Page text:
Robert Stein has written a quality volume for the New American Commentary series. I have long felt that the NAC series is a top choice for pastors in terms of content and price. Though the volumes are slightly shorter than some of the other exegetical commentary series, the help these volumes provide is still top-notch. This volume on Luke is one of the better volumes in the series.
The Introduction is succinct, power packed, and covers an amazing amount of information in its pages. In just a few pages he covers the authorship of Luke by examining internal evidence, church tradition, and the “we” sections and, to my mind, unanswerably proves that Luke was the author. He surveys well the various opinions on the date of Luke. He reminds us that Acts was never intended to be either Paul or Peter’s biography, but sought to tell the story of taking the gospel to the world. Though such things are highly suspect to me, he covers scholarly opinion on the sources of Luke. Though he finds outlines rather arbitrary, he provided a good one.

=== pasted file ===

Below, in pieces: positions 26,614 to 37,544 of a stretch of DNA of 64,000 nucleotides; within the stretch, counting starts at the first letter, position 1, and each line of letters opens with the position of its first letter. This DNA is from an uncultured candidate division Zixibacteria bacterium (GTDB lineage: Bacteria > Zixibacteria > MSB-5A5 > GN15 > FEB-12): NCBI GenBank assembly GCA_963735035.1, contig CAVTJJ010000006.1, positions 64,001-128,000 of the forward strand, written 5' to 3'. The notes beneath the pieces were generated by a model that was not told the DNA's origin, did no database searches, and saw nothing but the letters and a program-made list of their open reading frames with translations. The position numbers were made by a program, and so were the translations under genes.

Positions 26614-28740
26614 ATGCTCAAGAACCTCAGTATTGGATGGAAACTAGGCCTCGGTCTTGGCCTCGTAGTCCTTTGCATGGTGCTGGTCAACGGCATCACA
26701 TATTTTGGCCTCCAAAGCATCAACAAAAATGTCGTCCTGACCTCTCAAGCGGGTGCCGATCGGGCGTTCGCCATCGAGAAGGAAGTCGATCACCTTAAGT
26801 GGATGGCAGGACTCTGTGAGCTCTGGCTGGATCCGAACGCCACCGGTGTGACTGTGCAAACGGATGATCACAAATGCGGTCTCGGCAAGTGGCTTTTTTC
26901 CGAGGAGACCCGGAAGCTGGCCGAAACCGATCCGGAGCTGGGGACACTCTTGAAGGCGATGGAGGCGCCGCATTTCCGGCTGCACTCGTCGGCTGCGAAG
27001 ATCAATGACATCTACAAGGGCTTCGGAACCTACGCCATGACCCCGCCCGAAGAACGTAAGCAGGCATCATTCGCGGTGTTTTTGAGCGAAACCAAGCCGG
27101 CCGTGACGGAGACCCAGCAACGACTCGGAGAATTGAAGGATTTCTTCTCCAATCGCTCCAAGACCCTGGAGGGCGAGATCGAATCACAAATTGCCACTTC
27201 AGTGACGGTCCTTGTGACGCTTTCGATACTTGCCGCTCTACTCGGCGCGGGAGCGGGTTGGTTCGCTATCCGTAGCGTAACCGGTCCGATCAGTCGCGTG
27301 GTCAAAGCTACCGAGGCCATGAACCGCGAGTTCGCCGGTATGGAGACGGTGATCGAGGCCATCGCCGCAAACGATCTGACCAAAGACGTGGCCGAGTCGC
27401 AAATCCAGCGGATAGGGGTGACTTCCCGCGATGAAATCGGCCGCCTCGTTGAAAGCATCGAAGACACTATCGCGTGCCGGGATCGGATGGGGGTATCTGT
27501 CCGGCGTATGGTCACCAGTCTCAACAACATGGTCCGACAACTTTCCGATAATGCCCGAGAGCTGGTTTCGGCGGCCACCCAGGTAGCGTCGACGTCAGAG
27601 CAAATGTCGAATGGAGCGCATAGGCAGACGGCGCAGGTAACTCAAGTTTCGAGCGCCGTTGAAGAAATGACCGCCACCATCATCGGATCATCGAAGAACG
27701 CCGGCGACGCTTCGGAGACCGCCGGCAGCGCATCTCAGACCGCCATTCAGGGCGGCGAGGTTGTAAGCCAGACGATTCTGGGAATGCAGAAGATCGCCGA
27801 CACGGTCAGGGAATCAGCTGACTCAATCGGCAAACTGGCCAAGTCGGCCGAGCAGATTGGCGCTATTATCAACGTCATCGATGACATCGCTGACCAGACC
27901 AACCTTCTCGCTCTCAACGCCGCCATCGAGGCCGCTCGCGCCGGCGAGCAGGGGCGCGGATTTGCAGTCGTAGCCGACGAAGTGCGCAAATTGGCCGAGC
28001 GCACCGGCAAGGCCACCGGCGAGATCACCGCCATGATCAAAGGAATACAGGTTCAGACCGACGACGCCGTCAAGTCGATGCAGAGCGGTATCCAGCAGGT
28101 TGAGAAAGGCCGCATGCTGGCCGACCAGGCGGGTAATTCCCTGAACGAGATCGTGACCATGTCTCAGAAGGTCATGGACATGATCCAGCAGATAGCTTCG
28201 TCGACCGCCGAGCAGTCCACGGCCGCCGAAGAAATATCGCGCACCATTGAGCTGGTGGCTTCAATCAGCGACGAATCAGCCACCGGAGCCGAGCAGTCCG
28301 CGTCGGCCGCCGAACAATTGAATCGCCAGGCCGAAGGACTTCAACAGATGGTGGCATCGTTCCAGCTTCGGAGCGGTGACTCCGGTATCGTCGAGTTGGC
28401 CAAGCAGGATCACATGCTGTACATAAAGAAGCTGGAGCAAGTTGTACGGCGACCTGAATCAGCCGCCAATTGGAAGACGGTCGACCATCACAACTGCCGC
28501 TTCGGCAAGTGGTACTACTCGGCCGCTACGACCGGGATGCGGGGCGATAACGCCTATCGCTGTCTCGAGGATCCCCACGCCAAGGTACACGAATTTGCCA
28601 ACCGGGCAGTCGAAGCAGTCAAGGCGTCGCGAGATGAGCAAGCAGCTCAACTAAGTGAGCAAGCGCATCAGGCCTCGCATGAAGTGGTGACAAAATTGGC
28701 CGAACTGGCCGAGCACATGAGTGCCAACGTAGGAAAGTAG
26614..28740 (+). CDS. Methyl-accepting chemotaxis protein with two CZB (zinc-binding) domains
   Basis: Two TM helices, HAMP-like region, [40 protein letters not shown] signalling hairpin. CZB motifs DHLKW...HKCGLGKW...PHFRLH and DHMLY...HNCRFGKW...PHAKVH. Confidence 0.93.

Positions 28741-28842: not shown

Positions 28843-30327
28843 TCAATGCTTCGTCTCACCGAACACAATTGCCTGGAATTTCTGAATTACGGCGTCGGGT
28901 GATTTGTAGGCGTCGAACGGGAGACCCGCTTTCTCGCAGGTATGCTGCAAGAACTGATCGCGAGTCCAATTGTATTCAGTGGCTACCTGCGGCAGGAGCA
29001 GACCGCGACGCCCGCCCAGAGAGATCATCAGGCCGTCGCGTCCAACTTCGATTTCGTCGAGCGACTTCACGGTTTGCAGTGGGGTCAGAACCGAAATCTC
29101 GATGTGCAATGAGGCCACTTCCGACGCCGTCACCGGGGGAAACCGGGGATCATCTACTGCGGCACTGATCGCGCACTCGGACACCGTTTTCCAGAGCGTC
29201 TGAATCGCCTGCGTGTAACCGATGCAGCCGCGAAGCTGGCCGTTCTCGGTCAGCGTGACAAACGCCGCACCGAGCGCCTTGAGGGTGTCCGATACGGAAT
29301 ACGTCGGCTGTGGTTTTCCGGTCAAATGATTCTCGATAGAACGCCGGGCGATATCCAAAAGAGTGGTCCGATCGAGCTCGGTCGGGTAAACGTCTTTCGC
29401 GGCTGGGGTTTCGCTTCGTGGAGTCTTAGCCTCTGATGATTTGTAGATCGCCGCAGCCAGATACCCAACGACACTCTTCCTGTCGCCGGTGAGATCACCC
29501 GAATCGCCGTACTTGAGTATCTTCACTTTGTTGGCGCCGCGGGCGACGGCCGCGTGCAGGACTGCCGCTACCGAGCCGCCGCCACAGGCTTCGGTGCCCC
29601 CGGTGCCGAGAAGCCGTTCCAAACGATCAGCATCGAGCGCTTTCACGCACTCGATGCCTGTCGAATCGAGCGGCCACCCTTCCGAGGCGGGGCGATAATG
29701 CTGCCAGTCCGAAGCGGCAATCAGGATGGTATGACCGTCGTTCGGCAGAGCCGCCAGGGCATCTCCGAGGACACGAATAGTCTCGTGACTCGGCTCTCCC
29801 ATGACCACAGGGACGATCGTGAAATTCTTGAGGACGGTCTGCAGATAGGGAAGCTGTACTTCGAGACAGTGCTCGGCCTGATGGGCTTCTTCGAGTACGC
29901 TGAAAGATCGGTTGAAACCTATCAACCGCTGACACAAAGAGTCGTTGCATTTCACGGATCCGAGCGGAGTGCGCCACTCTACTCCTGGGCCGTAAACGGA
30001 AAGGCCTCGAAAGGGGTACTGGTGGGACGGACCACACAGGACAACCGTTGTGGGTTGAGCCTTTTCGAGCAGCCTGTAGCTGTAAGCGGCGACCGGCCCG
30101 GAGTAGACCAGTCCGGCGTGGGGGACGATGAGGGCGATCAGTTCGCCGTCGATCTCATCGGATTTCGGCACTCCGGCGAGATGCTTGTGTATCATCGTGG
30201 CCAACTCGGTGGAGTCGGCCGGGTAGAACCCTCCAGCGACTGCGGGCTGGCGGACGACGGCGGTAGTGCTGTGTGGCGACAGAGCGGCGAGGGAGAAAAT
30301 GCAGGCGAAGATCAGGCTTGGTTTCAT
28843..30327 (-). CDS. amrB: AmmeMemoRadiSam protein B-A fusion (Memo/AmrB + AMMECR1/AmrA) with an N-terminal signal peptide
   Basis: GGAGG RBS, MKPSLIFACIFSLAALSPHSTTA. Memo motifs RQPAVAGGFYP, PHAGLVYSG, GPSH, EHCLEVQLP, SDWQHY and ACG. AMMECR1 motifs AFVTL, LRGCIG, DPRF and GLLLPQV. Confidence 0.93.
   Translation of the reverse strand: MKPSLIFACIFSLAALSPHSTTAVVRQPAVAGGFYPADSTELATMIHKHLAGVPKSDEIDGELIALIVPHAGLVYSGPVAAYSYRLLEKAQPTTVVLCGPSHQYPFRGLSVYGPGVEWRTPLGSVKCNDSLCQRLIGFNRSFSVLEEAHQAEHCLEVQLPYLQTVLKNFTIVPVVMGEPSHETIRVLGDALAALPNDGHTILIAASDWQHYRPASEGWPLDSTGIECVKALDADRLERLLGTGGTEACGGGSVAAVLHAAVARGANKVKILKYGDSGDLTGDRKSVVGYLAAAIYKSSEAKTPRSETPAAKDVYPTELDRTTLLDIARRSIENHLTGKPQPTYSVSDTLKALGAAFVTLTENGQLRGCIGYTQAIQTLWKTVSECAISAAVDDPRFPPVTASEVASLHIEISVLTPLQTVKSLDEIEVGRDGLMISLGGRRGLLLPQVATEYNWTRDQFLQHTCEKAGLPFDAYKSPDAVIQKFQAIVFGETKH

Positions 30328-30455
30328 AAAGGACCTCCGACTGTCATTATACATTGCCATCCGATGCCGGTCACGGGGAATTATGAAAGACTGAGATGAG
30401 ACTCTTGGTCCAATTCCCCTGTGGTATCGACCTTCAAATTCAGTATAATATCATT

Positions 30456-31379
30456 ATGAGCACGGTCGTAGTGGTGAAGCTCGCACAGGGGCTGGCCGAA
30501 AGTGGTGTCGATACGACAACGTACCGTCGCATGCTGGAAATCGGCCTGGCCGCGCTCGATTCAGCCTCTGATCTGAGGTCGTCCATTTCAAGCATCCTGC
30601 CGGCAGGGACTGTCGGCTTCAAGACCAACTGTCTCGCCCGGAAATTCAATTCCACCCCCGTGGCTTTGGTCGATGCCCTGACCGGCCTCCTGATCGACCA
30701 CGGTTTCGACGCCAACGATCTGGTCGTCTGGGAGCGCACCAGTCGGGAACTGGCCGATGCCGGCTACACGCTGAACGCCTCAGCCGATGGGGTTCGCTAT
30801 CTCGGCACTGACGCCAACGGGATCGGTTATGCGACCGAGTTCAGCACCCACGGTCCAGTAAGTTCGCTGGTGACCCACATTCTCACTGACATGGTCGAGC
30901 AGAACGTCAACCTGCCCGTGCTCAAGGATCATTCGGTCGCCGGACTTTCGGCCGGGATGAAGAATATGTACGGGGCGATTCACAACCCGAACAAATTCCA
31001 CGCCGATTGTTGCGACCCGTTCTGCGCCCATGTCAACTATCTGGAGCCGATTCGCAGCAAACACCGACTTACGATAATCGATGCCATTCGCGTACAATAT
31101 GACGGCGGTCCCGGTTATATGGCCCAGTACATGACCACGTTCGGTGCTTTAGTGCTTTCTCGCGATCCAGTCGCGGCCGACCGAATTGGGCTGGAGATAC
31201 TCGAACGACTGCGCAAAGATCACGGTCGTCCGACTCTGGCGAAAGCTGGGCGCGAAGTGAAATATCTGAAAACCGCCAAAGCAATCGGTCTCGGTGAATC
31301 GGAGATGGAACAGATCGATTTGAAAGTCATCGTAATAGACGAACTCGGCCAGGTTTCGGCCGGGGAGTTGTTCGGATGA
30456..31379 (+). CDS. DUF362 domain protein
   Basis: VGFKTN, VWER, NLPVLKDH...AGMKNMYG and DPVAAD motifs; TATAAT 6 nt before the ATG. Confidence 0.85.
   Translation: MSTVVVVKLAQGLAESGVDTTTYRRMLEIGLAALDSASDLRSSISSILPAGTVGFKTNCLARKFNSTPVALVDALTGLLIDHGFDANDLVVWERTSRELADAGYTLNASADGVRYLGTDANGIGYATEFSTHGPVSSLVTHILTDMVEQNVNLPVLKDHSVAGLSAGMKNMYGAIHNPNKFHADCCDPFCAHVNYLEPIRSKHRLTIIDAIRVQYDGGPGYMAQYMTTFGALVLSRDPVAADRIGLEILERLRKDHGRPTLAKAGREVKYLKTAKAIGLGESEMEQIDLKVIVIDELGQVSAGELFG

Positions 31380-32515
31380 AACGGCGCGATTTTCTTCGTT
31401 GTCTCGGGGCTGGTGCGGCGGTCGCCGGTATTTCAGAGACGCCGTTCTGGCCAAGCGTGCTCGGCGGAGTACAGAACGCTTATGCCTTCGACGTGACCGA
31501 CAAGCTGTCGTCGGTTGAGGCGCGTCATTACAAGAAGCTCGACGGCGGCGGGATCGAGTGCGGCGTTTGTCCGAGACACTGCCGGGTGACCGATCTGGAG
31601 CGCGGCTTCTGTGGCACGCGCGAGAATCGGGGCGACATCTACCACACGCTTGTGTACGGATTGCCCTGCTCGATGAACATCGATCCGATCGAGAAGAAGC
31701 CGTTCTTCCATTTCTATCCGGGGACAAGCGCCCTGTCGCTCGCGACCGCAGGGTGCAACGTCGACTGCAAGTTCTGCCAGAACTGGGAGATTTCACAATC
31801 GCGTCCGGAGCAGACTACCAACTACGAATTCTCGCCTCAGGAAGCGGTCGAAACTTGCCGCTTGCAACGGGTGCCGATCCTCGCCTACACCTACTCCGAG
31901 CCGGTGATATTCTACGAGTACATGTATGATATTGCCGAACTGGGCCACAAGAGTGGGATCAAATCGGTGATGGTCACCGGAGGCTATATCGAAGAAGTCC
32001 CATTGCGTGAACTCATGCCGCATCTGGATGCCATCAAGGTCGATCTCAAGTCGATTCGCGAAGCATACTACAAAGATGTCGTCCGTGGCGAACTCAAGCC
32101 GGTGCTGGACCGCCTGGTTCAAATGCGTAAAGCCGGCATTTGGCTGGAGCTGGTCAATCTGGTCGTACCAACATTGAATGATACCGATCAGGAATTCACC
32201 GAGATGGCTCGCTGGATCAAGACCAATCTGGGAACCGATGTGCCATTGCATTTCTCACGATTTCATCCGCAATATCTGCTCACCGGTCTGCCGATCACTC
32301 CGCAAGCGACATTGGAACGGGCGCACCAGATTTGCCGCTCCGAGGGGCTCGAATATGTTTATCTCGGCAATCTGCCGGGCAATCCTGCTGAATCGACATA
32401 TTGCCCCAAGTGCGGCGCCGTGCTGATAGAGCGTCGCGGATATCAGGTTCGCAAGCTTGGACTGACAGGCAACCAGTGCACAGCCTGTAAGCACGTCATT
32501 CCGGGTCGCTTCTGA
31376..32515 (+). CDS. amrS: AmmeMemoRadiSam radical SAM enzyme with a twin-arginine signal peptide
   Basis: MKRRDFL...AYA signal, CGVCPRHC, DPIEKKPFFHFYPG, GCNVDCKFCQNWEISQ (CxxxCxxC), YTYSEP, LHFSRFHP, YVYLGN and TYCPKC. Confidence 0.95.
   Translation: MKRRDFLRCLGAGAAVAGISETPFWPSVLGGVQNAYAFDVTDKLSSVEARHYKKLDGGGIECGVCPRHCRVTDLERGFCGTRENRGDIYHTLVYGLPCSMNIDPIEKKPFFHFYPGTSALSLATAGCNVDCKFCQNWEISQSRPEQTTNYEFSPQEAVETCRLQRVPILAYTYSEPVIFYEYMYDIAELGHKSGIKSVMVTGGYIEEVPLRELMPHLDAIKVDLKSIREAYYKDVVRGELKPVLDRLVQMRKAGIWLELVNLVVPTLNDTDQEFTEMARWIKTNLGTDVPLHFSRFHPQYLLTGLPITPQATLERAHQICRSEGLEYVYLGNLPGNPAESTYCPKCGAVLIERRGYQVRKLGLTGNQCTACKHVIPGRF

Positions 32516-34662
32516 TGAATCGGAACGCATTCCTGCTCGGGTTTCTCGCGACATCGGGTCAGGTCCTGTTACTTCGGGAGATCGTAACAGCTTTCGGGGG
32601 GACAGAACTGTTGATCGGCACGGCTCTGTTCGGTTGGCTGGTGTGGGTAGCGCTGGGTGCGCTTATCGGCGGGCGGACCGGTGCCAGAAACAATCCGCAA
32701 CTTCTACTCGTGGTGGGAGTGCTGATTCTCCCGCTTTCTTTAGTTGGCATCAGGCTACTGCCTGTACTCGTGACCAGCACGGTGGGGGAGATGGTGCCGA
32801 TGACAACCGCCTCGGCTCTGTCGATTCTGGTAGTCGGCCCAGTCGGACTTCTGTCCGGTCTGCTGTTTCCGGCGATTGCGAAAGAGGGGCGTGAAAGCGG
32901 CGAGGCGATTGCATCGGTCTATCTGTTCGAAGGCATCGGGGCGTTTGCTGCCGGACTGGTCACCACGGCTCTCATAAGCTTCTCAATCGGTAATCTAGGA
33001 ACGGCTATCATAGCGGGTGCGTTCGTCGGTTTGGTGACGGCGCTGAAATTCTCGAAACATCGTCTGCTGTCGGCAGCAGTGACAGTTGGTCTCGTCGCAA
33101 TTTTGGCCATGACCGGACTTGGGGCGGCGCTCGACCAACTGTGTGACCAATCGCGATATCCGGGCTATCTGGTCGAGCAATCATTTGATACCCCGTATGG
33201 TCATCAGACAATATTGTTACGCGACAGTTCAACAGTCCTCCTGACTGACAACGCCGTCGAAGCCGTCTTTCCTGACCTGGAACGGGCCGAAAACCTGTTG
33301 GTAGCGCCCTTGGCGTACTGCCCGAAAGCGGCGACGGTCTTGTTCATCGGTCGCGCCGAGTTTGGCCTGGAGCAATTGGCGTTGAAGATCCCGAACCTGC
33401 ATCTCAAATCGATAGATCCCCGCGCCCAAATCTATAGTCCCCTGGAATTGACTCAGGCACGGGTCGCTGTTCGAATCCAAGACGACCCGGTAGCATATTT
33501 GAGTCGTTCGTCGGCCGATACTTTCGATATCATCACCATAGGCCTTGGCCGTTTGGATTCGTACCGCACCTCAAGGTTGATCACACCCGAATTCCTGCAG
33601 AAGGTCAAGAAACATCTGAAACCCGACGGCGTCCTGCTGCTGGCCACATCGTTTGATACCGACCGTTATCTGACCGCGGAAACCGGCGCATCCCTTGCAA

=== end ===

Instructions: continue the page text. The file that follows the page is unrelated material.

I fully agree with his conclusion that the purposes of Luke ought not be pigeonholed into a single purpose. He explains what he believes to be the four main purposes of Luke and provides a great deal of detail in explaining his case. I thought it was effective. His section on the theological emphases in Luke was also highly suggestive. By the time you get to the fine map that ends the Introduction, you may feel as I did that it was the kind of Introduction that really helps a pastor.
I found help in the many passages I reviewed in this volume. He was never trite, and he provides real assistance to one who preaches the Gospel of Luke. I highly recommend this volume to all my fellow pastors out there. You won’t be disappointed.
I received this book free from the publisher. I was not required to write a positive review. The opinions I have expressed are my own. I am disclosing this in accordance with the Federal Trade Commission’s 16 CFR, Part 255.